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pone-0004447-g002: The ISO modulates network oscillations in the α (8–13 Hz) frequency band and can underlie cyclic paroxysms.A. Simultaneous LFP and multi-unit recording from the LGN in the presence of 50 µM Cch showing that the ISO in firing (bottom, MUA) is associated with a modulation of faster oscillations in the LFP (top). The sections labelled 1 and 2 are expanded below and reveal that the ∼13 Hz field oscillations are associated with HT bursts (blue arrows in expanded sections) that appear to drive activity in an additional tonic firing cell (red arrows in expanded sections) (see [27]). B. ISO at ∼0.1 Hz recorded intracellularly from an LGN TC neuron where the most depolarized phase of the oscillation is crowned not only by action potentials but also by a combination of spikelets and burstlets (green arrows in the enlarged section below). C. Top traces: LGN TC neuron recorded intracellularly showing continuous tonic firing (see enlarged section below). Bottom traces: application of 20 mM TMA brings about an ISO at ∼0.05 Hz. In this condition the cell also exhibits brief depolarizing events (green arrows) that occur just before and after the transient firing episodes (see enlargements as indicated).

Mentions: Following the individual or combined application of moderate concentrations of the Group I/II mGluR agonist, trans-ACPD (100 µM) [25], [29] and/or the non-specific AchR agonist, carbachol (Cch) (50 µM) [27] we found that a subset of TC neurons (individual drug application: 14%, n = 27 of 192; combined drug application: 37%, n = 40 of 109) from the cat LGN, MGN and VB maintained in vitro exhibited spontaneous firing that was modulated by a prominent infra-slow (<0.1 Hz) oscillation (ISO) (individual drug application: 0.034±0.01 Hz; n = 11; combined drug application: 0.046±0.004 Hz; n = 20) (Fig. 1 and Figs. S1 and S2). This ISO was evident in both extracellular single unit and intracellular recordings and consisted of prolonged periods of waxing and waning action potential output (peak firing rate: 27.8±5.9 Hz; n = 11) that were usually separated by periods of quiescence (Fig. 1 and Figs. S1 and S2). This action potential output could comprise either episodes of tonic firing only (individual drug application: 41%, n = 11 of 27; combined drug application: 45%, n = 18 of 40) (Fig. S1A), episodes of intermingled tonic firing and high-threshold (HT) bursts (individual drug application: 48%, n = 13 of 27; combined drug application: 48%, n = 19 of 40) (Figs. 1A, 1C and Fig. S1C) or periods of HT bursts only (individual drug application: 11%, n = 3 of 27; combined drug application: 7%, n = 3 of 40) (Fig. S1B). In most instances, ISOs were highly rhythmic (e.g. Fig. 2B and 2C), but could occasionally exhibit a more irregular appearance (e.g. Fig. 2A). Once established ISOs were extremely robust and could last for several hours.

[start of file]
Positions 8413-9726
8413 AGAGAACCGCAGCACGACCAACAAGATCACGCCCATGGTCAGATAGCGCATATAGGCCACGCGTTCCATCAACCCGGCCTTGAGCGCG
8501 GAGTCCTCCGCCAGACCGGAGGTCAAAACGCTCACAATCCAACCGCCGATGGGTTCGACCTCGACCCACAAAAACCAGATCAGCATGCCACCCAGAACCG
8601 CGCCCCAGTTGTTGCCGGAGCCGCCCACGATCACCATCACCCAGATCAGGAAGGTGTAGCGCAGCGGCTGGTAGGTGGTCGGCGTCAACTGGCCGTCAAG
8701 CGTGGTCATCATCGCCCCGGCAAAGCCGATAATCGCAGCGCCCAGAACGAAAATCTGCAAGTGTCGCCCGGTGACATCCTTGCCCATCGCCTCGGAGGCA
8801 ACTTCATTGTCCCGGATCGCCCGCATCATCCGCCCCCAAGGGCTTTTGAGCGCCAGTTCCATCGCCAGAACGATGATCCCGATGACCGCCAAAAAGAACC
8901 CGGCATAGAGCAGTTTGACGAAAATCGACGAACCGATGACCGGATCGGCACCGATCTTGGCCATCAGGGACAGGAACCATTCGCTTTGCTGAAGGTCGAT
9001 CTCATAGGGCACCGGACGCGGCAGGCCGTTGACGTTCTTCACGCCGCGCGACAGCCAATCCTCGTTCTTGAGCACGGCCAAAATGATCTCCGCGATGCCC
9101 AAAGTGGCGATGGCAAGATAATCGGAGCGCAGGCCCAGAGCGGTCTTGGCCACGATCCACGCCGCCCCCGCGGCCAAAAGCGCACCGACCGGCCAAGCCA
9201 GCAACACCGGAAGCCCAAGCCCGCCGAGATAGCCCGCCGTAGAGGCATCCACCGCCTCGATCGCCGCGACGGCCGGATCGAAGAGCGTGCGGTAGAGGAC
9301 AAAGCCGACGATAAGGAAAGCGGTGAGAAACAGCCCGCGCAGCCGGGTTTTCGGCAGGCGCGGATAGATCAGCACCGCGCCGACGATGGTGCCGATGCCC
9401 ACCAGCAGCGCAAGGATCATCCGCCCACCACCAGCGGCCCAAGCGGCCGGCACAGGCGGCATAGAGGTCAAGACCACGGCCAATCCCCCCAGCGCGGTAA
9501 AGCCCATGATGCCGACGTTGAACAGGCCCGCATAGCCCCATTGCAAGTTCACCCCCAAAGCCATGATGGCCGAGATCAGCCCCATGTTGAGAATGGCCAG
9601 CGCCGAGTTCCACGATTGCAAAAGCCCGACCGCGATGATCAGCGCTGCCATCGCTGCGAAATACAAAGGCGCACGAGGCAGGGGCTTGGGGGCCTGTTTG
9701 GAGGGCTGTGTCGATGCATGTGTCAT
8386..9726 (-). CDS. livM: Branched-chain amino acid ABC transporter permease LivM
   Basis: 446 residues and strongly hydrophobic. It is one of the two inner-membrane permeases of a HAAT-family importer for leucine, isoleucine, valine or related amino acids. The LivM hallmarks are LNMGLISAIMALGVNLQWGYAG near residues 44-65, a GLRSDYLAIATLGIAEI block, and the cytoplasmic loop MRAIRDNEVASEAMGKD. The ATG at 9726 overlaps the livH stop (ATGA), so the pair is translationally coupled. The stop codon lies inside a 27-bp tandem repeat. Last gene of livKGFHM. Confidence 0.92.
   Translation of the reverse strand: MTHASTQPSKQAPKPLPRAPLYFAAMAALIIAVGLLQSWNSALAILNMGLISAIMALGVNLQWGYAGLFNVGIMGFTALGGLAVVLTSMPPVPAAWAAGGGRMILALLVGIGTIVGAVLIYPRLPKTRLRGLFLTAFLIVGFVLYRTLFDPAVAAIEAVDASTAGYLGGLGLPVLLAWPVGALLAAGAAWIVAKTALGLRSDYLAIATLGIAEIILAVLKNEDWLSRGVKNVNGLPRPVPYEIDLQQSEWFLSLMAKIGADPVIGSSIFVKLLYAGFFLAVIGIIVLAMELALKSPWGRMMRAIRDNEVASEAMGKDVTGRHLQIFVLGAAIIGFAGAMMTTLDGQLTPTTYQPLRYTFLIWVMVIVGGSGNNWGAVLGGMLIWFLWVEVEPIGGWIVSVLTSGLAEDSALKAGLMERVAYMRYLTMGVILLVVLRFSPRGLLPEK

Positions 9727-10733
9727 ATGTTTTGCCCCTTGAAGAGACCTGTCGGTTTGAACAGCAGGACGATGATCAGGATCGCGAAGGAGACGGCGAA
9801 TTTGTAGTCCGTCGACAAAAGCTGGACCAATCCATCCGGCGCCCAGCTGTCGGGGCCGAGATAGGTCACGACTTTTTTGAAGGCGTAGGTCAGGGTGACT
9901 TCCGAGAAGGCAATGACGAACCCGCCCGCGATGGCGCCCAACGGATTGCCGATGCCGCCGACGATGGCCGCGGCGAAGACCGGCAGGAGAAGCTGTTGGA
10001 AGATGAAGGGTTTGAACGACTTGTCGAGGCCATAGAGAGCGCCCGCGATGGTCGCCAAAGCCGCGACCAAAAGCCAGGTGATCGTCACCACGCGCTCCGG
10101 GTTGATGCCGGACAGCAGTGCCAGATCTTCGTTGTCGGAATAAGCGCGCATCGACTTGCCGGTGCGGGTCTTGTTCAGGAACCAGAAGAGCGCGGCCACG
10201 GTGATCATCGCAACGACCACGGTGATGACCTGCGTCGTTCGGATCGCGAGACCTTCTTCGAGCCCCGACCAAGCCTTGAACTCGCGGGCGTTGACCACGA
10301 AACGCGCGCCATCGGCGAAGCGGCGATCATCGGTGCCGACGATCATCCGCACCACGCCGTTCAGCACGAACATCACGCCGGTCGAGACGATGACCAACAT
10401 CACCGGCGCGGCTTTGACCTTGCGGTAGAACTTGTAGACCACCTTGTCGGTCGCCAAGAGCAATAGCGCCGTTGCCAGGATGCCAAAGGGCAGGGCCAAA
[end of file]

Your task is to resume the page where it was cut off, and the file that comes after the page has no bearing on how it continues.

ATP-dependent infra-slow (<0.1 Hz) oscillations in thalamic networks.

Lörincz ML, Geall F, Bao Y, Crunelli V, Hughes SW - PLoS ONE (2009)